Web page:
Colin Timmins, H&V Portfolio Manager at BEAMA, addresses incoming requirements for TRV installations on boiler replacements.

The recent consultations on Part L of the Building Regulations for existing homes in both England and Wales propose a small but significant step forward in addressing one of the areas that can be reasonably described as low hanging fruit for better levels of energy efficiency in our homes. 

That change will make it a requirement for individual room temperature controls such as thermostatic radiator valves (TRVs) to be installed when replacing a boiler. 
It is one of the longstanding gaps in Part L, which deals with energy conservation, that the addition of TRVs when a boiler is replaced only appeared in the Domestic Building Services Compliance Guide as a ‘good practice’ recommendation. 

This is despite the fact that TRVs are a proven energy saving measure and highly cost-effective when done while the heating system is already drained down. What’s worse is that this was actually a step backwards from the 2006 regulations when systems were required to be zoned, and installing TRVs in bedrooms was a common means of compliance. 

This time round, the new version of Part L for both England and Wales proposes that a requirement for “self-regulating devices”, such as TRVs, for new systems and with boiler replacement, will be introduced as a new regulation rather than being part of guidance. 

This will actually make it a cornerstone of compliance as they will be a clear legal requirement, not just listed as something that ‘should’ be done. Of course, there are situations where such an addition to an existing system may not be technically or economically feasible but, as the Welsh regulations bluntly state, “in normal circumstances, the installation of thermostatic radiator valves in wet central heating systems is likely to be economic feasible”.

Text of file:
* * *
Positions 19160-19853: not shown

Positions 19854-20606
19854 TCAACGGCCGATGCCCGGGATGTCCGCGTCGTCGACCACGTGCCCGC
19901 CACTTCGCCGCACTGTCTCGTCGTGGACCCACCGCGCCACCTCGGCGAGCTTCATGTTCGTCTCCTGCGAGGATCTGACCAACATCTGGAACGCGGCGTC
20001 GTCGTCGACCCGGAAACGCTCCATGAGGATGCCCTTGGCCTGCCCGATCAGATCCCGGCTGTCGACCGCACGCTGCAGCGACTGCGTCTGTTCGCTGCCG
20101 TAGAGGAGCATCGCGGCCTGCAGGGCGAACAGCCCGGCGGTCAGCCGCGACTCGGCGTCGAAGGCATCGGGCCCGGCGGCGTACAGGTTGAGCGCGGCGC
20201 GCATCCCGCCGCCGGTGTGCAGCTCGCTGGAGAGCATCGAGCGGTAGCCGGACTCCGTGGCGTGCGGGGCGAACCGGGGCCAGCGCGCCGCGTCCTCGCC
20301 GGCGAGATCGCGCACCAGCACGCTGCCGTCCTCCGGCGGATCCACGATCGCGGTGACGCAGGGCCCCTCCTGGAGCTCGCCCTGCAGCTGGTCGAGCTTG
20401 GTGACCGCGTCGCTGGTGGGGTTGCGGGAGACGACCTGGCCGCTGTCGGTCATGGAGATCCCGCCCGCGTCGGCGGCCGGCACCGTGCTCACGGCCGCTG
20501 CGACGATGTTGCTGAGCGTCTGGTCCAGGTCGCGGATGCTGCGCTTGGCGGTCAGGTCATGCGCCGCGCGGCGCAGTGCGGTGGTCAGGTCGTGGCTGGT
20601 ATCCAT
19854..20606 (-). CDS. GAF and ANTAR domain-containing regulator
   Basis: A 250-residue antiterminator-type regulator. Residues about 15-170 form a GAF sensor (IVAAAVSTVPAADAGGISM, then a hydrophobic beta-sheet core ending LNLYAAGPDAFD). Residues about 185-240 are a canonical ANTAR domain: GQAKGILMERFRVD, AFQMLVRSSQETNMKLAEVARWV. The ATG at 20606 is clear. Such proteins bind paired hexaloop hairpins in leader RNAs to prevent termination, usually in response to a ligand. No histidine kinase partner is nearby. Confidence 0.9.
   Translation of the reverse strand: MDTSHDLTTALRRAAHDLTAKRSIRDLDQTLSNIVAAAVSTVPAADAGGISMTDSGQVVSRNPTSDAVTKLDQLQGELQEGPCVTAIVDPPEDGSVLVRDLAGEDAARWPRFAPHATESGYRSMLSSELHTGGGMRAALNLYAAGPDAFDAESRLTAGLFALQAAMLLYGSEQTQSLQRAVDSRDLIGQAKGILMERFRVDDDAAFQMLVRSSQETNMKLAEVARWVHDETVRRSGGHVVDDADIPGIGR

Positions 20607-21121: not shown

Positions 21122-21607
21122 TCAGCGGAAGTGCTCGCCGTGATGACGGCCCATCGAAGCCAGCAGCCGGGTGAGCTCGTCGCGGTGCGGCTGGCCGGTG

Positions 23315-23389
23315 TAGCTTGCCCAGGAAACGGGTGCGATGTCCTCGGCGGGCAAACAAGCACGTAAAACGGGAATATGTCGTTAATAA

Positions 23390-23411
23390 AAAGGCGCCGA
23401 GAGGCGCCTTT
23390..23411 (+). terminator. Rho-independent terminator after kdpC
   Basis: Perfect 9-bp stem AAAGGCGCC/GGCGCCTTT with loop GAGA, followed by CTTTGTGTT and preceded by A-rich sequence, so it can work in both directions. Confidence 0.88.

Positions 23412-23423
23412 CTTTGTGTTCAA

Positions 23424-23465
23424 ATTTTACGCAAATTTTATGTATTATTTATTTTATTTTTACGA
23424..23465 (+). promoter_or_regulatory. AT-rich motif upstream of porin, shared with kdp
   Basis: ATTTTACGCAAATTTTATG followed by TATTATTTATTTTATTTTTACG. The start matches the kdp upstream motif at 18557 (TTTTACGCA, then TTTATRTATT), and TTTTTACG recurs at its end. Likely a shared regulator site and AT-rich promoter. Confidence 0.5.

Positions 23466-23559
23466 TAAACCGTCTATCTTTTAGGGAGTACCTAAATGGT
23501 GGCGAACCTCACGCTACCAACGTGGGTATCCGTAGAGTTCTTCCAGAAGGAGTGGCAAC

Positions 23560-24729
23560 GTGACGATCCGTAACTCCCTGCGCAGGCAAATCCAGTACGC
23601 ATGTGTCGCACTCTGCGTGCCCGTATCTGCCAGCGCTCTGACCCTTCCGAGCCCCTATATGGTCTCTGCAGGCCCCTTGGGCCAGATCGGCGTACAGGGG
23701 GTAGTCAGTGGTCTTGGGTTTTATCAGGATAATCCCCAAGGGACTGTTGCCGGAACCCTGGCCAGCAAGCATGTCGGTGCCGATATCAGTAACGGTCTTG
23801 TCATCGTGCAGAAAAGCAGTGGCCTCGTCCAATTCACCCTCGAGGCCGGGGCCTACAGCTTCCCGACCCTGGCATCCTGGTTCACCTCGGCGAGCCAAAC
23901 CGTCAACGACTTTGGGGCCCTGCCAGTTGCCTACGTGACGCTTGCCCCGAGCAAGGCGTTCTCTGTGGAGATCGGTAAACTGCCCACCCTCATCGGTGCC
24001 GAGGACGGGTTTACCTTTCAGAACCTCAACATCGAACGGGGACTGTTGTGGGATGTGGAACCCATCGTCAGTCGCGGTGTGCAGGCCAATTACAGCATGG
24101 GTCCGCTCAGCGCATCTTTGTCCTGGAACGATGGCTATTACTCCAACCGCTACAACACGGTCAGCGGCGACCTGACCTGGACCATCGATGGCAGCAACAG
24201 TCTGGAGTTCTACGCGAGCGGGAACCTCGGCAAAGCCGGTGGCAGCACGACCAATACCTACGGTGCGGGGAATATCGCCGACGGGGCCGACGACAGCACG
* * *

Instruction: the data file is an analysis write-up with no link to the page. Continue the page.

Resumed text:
Other ways of complying are also possible, such as room thermostats in each room, which is usual with underfloor heating systems for example, but it is likely that in most cases fitting TRVs to existing radiators will be the route to comply. The terminology used in the new regulations of “self-regulating devices” has not been commonly used before and actually came about as part of negotiations in the European Union for the Energy Performance of Buildings Directive, which was revised in 2018. 

Several years before this, BEAMA and its European counterpart eu.bac had identified that regulations to drive the installation of individual temperature controls were piecemeal across Europe, despite it being an established energy saving technology that had actually been compulsory in German homes since the 70s. 

BEAMA worked on the development of a white paper explaining the benefits of such a no-regrets policy action to both the environment and consumers, as well as carrying out research and analysis to show the scale of the savings potential – both financial and in terms of carbon emissions. Ultimately these documents persuaded policy makers across Europe to address this largely missed opportunity. 

It is to the UK’s credit that, despite leaving the EU, the government has committed to implement what it previously agreed in the EPBD revision. That said, it would be hard to argue that we are working towards ‘world-leading’ environmental standards if we fell behind the rest of the EU in requirements for individual room temperature controls, which are such a simple but fundamental energy saving measure.

The new versions of Part L of the Building Regulations are due to come into force in England and Wales early in 2022. Details for Scotland and Northern Ireland are yet to be determined, but it is expected that they will follow suit in this respect. 

The new regulations will be a boost to the many installers who have long considered the addition of TRVs at the time of boiler replacement to be an essential factor in providing customers with an efficient system, but have been at risk of being undercut by others content to deliver minimum standards only. At last there will be a level playing field in this respect.

A willingness to aim for best practice will still be desirable. One of the common reasons why adding TRVs to an existing system may not prove to be practical is a lack of compatibility with older radiator fittings, or simply the condition of those radiators. 

In such cases, the renewal of such radiators will benefit customers, both by facilitating the fitting of a TRV and also by removing a radiator that is likely to have poor performance compared to newer emitters, particularly if it has a build-up of sludge that has developed over time and will impact on its operation. 

As outlined at the start, this regulatory change is a small step but a very important one that will benefit householders and move us forward on the path to having more sustainable homes.